In an opinion yesterday, Judge Pauley denied summary judgment in a case alleging that a certain rodent repeller devices are ineffective, contrary to the defendant’s allegedly false representations.

He noted that the parties had filed over 40,000 words in briefing the issues, but that three photos (including the one below) were sufficient to decide the

In an opinion Friday, Judge Oetken refused to dismiss a putative class action brought by Applebee’s patrons who allege that the tabletop computer tablets at the Broadway and Times Square locations force customers to leave a minimum tip of either 15% or 18%, and thereby deceive customers into believing tipping is mandatory, in violation of New York’s consumer protection laws.

The defendants argued (among other things) that the social norm of leaving a tip was grounds to dismiss the case, but Judge Oetken disagreed:
Continue Reading Judge Oetken Refuses to Dismiss Complaint Alleging that Applebee’s Tabletop Tablets Force Patrons to Tip

In an opinion yesterday, Judge Román denied a motion to dismiss a class action accusing the makers of “Earth’s Best” branded foods of falsely labeling certain products as “organic.”  The defendants argued the claims were preempted by the Organic Food Production Act (or, OFPA), which defines what foods can be labeled “organic,” and prohibits the sale of products labeled “organic” unless approved by a “certifying agent.” In an earlier case, the Eighth Circuit found similar claims preempted because (among other reasons) state law claims challenging “organic” labels would create the risk of “conflicting interpretations” and would “directly conflict[] with the role of the certifying agent.” Judge Román disagreed, finding that the risk of “divergent” views not enough to result in preemption:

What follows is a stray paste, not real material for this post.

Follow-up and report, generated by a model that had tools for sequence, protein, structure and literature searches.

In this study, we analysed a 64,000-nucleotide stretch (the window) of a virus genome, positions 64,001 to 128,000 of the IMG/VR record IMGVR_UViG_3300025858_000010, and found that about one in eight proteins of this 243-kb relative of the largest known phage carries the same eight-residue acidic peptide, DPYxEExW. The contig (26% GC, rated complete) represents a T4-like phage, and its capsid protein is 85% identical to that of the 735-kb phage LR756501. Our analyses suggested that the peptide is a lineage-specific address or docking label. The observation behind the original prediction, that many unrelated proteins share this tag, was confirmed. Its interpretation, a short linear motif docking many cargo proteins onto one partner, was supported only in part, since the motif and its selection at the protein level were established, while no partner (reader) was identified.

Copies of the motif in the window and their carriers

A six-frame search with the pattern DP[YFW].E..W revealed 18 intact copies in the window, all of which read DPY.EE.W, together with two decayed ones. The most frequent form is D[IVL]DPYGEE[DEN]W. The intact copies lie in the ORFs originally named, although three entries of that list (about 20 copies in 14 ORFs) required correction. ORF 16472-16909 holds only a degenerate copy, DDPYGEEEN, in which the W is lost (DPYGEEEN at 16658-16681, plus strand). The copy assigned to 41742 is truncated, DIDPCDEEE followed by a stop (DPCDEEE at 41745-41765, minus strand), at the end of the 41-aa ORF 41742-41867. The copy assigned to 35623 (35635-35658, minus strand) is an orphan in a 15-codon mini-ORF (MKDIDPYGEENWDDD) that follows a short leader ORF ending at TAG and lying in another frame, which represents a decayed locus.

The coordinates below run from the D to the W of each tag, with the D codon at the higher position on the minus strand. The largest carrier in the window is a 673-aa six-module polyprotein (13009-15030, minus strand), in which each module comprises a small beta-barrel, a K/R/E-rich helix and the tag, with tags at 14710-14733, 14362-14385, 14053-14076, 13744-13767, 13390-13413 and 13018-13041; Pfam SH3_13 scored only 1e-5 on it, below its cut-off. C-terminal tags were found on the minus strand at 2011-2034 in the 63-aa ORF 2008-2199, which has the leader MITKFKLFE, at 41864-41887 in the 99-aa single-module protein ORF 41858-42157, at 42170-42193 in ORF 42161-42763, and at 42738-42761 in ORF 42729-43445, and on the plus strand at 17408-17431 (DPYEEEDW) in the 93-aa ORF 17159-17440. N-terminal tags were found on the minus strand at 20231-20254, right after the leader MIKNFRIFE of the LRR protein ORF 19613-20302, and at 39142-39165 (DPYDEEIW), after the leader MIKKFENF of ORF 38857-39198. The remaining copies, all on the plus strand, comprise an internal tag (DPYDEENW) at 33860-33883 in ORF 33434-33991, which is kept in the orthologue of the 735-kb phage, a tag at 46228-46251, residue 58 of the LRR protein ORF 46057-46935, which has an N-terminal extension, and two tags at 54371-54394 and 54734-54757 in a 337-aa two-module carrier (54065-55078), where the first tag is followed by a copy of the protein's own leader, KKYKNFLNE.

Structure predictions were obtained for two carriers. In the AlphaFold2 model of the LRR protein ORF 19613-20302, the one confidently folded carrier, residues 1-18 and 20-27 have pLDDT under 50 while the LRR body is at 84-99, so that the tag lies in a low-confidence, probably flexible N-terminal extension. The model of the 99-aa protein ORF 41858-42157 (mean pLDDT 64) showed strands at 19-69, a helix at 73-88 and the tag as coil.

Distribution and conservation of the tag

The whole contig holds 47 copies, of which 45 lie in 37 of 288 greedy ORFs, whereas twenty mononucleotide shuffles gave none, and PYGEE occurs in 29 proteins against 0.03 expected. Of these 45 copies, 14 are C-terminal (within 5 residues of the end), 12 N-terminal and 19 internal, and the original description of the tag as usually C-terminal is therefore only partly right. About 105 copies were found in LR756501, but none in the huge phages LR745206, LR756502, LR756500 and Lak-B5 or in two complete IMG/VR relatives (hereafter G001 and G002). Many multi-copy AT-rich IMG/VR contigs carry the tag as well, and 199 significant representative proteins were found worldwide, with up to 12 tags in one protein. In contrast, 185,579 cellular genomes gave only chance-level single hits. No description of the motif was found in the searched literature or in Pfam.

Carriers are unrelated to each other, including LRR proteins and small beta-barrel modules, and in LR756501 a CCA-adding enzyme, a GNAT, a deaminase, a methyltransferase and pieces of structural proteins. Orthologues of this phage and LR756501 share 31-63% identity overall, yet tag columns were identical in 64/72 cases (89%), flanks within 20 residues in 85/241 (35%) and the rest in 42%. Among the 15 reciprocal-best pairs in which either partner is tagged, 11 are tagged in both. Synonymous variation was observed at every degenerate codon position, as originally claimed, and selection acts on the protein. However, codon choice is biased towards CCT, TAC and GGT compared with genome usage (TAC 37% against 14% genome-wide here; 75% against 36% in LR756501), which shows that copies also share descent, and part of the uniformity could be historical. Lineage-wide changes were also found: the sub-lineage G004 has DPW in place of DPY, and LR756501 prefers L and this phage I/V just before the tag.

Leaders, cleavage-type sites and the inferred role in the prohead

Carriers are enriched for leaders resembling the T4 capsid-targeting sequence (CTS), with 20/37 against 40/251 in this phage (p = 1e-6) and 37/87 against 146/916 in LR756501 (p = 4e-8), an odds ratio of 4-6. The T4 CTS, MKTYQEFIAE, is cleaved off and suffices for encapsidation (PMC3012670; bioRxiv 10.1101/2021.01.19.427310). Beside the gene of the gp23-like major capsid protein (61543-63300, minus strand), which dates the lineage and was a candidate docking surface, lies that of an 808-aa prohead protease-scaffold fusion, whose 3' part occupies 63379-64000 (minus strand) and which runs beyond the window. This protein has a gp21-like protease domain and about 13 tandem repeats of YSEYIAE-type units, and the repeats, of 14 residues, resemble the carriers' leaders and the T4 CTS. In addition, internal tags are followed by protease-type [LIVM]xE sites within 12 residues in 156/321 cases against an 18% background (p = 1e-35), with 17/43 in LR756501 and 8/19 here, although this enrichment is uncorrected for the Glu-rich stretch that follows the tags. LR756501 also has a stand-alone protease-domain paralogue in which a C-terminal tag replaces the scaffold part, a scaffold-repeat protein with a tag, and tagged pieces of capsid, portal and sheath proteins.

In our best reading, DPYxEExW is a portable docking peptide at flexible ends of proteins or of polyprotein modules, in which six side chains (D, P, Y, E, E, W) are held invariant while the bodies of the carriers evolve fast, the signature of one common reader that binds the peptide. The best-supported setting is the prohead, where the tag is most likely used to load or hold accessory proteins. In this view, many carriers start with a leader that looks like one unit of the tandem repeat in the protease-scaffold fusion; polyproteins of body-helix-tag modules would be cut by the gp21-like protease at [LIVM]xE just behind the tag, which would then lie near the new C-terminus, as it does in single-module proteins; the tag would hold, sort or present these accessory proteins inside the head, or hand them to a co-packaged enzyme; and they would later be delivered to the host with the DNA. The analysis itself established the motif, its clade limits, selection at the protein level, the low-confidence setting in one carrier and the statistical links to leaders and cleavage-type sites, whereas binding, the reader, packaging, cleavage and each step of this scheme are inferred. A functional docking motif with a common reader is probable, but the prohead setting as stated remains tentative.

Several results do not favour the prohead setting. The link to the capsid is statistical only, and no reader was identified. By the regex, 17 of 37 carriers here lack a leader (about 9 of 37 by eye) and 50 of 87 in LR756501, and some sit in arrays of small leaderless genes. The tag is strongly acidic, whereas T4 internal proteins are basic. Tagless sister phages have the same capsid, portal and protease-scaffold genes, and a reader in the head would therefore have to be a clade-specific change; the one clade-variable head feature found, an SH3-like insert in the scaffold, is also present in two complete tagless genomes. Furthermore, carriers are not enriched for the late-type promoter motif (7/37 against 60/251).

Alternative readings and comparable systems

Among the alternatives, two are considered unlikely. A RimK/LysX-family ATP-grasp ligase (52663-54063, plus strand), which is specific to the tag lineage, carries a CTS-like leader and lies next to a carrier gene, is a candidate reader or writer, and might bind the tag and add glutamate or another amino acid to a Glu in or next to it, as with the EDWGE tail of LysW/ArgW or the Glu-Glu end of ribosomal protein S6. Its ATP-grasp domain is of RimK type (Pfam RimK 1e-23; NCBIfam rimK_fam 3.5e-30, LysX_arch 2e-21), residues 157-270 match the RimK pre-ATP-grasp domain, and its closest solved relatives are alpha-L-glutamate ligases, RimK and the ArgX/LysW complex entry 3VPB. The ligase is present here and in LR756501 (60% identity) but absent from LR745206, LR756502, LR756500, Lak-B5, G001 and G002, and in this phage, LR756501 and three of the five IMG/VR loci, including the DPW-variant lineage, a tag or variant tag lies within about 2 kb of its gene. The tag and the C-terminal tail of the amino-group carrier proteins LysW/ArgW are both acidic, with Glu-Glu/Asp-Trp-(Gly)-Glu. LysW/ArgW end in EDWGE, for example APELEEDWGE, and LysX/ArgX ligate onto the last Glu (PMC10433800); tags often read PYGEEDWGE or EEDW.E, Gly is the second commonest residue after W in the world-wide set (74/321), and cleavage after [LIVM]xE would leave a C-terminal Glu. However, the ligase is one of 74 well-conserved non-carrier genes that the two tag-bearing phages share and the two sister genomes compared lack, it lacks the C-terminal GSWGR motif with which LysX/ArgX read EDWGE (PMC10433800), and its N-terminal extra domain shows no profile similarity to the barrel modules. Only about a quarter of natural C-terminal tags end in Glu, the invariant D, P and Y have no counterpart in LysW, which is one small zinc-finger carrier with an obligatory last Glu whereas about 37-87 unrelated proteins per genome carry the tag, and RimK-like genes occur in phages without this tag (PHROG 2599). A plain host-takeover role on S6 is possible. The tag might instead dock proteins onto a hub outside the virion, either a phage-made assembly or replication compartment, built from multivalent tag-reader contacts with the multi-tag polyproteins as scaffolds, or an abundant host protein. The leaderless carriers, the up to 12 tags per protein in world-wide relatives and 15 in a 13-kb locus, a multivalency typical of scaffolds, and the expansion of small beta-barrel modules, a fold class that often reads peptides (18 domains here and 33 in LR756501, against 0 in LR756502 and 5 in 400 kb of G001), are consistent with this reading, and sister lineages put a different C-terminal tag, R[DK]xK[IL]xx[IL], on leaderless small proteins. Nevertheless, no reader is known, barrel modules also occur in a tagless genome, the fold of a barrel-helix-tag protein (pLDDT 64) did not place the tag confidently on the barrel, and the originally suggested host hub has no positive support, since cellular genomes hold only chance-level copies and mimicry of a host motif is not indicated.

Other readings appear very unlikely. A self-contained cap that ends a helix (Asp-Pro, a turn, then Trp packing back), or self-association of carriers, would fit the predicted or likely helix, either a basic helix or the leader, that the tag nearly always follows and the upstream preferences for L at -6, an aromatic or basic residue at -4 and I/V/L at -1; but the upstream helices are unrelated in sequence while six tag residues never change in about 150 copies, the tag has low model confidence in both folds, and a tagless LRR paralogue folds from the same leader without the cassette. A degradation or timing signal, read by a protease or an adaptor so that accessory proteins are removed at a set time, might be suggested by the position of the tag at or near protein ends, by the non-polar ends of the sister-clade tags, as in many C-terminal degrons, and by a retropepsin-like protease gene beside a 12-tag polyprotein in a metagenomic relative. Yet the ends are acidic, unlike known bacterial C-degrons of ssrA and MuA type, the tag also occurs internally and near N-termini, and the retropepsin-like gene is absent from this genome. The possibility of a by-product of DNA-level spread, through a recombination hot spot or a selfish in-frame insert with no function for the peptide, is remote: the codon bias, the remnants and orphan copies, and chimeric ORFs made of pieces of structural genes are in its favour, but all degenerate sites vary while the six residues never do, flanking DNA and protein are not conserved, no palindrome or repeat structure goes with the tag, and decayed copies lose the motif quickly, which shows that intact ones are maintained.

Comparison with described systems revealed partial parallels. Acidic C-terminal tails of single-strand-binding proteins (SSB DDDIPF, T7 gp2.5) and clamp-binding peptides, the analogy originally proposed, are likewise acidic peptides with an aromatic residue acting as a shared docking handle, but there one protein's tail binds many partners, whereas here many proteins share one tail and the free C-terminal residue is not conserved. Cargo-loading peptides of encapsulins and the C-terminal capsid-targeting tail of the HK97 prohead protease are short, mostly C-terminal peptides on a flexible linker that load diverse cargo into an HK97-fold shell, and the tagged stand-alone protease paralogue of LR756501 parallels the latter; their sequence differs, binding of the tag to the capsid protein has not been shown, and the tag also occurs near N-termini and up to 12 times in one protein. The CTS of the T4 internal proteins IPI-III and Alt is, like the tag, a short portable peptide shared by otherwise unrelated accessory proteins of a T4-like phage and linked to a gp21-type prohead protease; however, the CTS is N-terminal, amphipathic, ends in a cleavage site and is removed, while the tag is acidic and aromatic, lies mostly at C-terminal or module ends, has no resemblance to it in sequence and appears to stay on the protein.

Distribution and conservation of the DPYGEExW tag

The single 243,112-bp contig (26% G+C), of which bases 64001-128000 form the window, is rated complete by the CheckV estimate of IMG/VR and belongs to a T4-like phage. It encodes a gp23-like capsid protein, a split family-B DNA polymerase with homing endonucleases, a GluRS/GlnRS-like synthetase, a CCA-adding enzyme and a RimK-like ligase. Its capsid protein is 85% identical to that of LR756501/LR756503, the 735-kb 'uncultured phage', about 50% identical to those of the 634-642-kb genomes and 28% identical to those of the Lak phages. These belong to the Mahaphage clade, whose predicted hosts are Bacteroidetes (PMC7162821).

Continue Reading Judge Román, Disagreeing With Eighth Circuit, Rules Suit Over “Organic” Label Not Preempted

A group of merchants sued the New York Attorney General last month to enjoin a law they claimed prohibited them from using the label “surcharge” to describe additional fees for credit card purchases (see our prior post).  The Attorney General Friday moved to dismiss, and argued that the merchants had misinterpreted the law:
Continue Reading NYAG Defends Credit Card “Surcharge” Law, Claims It Applies Only When Surcharge is Hidden

Yesterday, a group of merchants moved, on First Amendment Grounds, to enjoin a New York law that allows merchants to charge different prices for cash and credit card purchases, but prohibits them from calling the extra charge for credit card purchases a “surcharge”: The motion begins:
Continue Reading Merchants Move to Enjoin New York Law Against Describing Extra Charges to Credit Card Customers As “Surcharges”